Occupying a portion of the central Sierra Nevada mountains of California that runs along the Feather and the American Rivers, the Maidu are a Native American tribe known for their expert weaving skills. Although a nomadic hunting and gathering group that traditionally relied very lightly on agriculture and tool making, their intricately woven baskets, which filled a variety of roles, have gained international renown and demand.
The main craft-work of the Maidu people is the elaborate weaving of baskets, bowls and other household items. These fine pieces of work are traditionally made by women of the tribe and some feature weaving so tight and intricate that the stitches can only be seen with a magnifying glass. The baskets usually utilize complicated geometric patterns that represent forces of natures like lighting and the night sky.
Modern Maidu Basketry
A number of modern Maidu basket weavers continue to practice the traditional craft and have their works available for sale through craft vendors on the Internet. Like in olden times, modern Maidu basket weavers are primarily female. A number of museums, including the Plumas County Museum in Quincy, California, have extensive displays of Maidu baskets.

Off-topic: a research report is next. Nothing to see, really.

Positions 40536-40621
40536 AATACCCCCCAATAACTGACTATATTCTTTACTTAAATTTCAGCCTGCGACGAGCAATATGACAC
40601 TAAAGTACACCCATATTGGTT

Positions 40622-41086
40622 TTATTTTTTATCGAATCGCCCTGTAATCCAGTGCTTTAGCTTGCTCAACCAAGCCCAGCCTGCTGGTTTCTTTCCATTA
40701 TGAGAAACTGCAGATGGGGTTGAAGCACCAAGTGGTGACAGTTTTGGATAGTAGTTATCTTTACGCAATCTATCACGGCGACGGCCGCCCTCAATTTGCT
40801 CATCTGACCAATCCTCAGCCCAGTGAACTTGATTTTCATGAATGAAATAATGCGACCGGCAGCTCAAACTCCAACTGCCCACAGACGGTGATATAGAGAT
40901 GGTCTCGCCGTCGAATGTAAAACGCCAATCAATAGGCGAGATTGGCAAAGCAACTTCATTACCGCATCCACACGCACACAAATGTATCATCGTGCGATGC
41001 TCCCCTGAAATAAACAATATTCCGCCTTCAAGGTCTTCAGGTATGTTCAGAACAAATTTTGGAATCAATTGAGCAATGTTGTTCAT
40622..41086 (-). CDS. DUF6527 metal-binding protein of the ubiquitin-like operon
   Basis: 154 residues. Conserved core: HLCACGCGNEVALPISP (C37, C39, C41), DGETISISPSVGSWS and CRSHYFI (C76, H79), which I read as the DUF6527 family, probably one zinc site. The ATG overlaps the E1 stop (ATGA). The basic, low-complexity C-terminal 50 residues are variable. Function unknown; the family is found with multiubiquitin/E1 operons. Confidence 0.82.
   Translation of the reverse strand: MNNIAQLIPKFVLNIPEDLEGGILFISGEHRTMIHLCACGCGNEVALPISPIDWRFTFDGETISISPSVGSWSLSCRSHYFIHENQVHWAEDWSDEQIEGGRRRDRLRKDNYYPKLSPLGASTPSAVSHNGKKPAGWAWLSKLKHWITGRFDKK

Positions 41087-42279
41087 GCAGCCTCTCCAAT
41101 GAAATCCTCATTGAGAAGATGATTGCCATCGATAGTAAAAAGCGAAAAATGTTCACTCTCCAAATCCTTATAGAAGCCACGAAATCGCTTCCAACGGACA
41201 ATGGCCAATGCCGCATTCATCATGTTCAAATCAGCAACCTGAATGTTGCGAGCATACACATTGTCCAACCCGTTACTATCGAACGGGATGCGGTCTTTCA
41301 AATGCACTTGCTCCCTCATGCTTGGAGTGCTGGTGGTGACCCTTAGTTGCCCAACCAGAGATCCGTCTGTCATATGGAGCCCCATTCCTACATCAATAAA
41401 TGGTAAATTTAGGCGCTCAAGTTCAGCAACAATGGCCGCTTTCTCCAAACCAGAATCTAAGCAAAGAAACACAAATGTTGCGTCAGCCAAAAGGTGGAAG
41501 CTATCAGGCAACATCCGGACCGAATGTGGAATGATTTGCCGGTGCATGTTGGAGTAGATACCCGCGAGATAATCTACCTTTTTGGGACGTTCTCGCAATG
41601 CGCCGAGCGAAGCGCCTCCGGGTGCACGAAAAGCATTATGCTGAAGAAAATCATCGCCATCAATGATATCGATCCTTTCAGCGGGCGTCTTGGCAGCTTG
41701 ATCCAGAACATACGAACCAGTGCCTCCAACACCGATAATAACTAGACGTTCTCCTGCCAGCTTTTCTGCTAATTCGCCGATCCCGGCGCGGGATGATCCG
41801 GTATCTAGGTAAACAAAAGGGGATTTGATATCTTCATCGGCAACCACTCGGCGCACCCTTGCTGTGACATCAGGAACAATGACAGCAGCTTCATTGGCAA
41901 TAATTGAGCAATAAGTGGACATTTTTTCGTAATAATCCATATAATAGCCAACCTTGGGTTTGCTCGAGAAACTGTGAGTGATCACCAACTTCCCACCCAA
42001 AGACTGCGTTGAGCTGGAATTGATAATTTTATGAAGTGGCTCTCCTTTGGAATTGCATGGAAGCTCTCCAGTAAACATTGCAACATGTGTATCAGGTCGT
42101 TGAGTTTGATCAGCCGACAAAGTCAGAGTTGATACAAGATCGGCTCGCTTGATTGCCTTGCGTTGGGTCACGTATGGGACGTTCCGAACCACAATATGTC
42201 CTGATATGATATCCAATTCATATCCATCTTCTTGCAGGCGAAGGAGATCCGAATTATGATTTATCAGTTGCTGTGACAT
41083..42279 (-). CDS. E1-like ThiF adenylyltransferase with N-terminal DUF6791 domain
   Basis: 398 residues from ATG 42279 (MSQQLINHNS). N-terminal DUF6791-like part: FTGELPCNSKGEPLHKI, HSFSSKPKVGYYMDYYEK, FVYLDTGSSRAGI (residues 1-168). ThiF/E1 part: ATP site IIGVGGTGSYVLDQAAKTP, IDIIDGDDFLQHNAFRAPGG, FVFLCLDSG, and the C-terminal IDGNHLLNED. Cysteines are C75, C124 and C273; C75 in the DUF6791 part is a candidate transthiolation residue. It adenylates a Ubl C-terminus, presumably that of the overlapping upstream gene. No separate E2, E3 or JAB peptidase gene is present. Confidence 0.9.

Uses of the Baskets
Maidu baskets served a wide variety of functions within the hunter-gatherer society in which the Maidu once lived. Air tight baskets were used to carry water and other liquids, while other baskets were used to sift acorn flour and store items for long periods of time. Considered to be one of the finest basket weaving societies in ancient North America, the Maidu made baskets as small as a pinhead and as large as a claw-foot bathtub. Baskets were used as bowls, plates, canteens, luggage, animal traps, cradles and even hats.
Other Maidu Crafts
Even though they are considered expert weavers, the Maidu had very little in the way of material possessions and handicrafts. Since they supplemented their diet with roots that had to be dug up from under the ground, a small variety of carved digging tools were used. The Maidu also hunted small game like rabbit, using hand crafted spears and knives. Certain ceremonies and dances called for elaborate headdresses, usually decorated with brightly colored bird feathers.
Based in San Francisco, Ocean Malandra is a travel writer, author and documentary filmmaker. He runs a major San Francisco travel website, is widely published in both online and print publications and has contributed to several travel guidebooks to South America.